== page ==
Of course, Roussel won’t be able to hold this pace for long, as he’s not a bonafide NHL goal scorer, but he is the kind of player who significantly changes a team’s culture for the better, much like former fan favourite Alex Burrows. When a guy like that fortuitously lands on a line he elevates everyone’s battle level.

Not to mention, offensive-minded centre Adam Gaudette is centering their line and meshing well with some offence of his own, including a beautiful feed on Roussel’s first goal of the season.

With those three together and firing on all cylinders, Virtanen has an opportunity to earn extra ice time in the second half of the season. There’s enough creativity, skill, grit and speed on that third line to finally put Virtanen in a position to surprise his doubters. All he needs is a little momentum.

As of recently, the third line is providing the secondary scoring that Benning originally spoke of before training camp, when he told reporters of his plan to ice, not a top-six, but a top-nine with the ability to play at both ends of the rink.

A top-nine like that would always be predicated on the likes of Virtanen taking big steps forward in his development, which has seemed rather slow under the tutelage of coach Green. With a little patience, there still might be a chance to see Jake through GM Jim Benning’s rose-coloured glasses. The player percolating underneath looks like he’s on the verge of proving himself to be a precious piece of the puzzle.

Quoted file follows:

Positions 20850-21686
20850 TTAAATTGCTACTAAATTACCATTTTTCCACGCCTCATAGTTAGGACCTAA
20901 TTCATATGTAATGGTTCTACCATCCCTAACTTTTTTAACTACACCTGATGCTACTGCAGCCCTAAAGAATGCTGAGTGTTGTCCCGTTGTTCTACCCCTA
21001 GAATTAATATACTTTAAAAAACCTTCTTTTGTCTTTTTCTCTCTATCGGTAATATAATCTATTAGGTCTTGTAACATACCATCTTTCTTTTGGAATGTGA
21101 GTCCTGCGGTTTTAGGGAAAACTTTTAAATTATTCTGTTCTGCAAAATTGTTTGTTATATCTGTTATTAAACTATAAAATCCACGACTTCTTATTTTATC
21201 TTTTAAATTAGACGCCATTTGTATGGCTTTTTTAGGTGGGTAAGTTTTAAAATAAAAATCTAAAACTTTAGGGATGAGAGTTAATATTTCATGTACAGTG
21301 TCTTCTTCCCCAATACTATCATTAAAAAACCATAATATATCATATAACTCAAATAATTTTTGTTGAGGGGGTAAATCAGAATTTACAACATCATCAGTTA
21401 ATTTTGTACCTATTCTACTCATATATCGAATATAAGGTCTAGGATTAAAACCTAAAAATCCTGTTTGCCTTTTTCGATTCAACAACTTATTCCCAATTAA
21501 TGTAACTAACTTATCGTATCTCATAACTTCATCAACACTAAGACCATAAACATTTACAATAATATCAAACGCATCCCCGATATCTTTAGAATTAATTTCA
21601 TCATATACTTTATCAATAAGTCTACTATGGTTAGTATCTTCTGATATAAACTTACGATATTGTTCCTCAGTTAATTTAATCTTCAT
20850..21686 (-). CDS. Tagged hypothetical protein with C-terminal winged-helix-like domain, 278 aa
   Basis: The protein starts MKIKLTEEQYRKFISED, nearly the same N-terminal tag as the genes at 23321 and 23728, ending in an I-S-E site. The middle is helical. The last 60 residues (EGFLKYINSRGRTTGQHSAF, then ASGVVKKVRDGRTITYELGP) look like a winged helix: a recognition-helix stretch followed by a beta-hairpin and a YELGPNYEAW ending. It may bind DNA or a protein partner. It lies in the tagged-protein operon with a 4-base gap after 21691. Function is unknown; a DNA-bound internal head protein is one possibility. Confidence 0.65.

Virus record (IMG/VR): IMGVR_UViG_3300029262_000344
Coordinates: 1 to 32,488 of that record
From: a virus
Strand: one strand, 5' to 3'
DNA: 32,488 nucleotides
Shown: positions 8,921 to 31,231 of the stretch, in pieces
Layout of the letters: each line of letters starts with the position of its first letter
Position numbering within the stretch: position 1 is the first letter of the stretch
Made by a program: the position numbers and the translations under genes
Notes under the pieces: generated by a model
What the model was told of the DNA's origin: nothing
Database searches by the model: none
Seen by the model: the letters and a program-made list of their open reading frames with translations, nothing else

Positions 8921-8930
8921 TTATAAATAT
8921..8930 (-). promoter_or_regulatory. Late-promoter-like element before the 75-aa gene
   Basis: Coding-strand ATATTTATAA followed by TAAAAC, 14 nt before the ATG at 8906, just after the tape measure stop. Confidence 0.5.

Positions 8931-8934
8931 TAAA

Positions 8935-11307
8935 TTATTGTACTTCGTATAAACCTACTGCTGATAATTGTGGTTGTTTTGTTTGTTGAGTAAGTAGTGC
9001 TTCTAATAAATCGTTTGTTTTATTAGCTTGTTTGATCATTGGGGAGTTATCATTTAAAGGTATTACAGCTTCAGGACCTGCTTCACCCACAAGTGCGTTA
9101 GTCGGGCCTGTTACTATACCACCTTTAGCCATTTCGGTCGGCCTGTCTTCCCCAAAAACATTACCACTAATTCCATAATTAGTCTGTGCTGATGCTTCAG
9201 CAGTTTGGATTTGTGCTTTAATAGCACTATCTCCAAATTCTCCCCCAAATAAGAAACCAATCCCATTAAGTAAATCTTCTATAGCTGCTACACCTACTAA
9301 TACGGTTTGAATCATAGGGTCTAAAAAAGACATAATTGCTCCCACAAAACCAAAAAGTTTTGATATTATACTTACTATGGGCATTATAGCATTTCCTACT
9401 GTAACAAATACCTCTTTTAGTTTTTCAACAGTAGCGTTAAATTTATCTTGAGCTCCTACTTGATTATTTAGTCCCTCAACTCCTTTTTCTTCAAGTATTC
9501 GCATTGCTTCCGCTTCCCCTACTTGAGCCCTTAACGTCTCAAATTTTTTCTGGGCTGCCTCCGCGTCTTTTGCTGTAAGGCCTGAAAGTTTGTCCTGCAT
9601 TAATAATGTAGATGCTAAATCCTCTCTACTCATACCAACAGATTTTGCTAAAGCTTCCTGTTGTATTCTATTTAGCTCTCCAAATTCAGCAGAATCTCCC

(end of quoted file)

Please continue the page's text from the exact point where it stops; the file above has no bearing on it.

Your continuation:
Virtanen’s development arc undoubtedly sends older fans back on a quantum leap in time to the turn of the millennium, 1999, when a 23-year-old Todd Bertuzzi had yet to assume his position at the top of the food chain.

The mood was becoming impatient around Bertuzzi, who teased of incredible skills amidst the insufferable inconsistency of his youth. The New York Islanders had given up on then 22-year-old Bertuzzi and sent him across the continent in a package deal in the infamous trade arranged by the short-tenured Canucks coach and GM of the day, Mike Keenan, who in turn exiled beloved star centre Trevor Linden.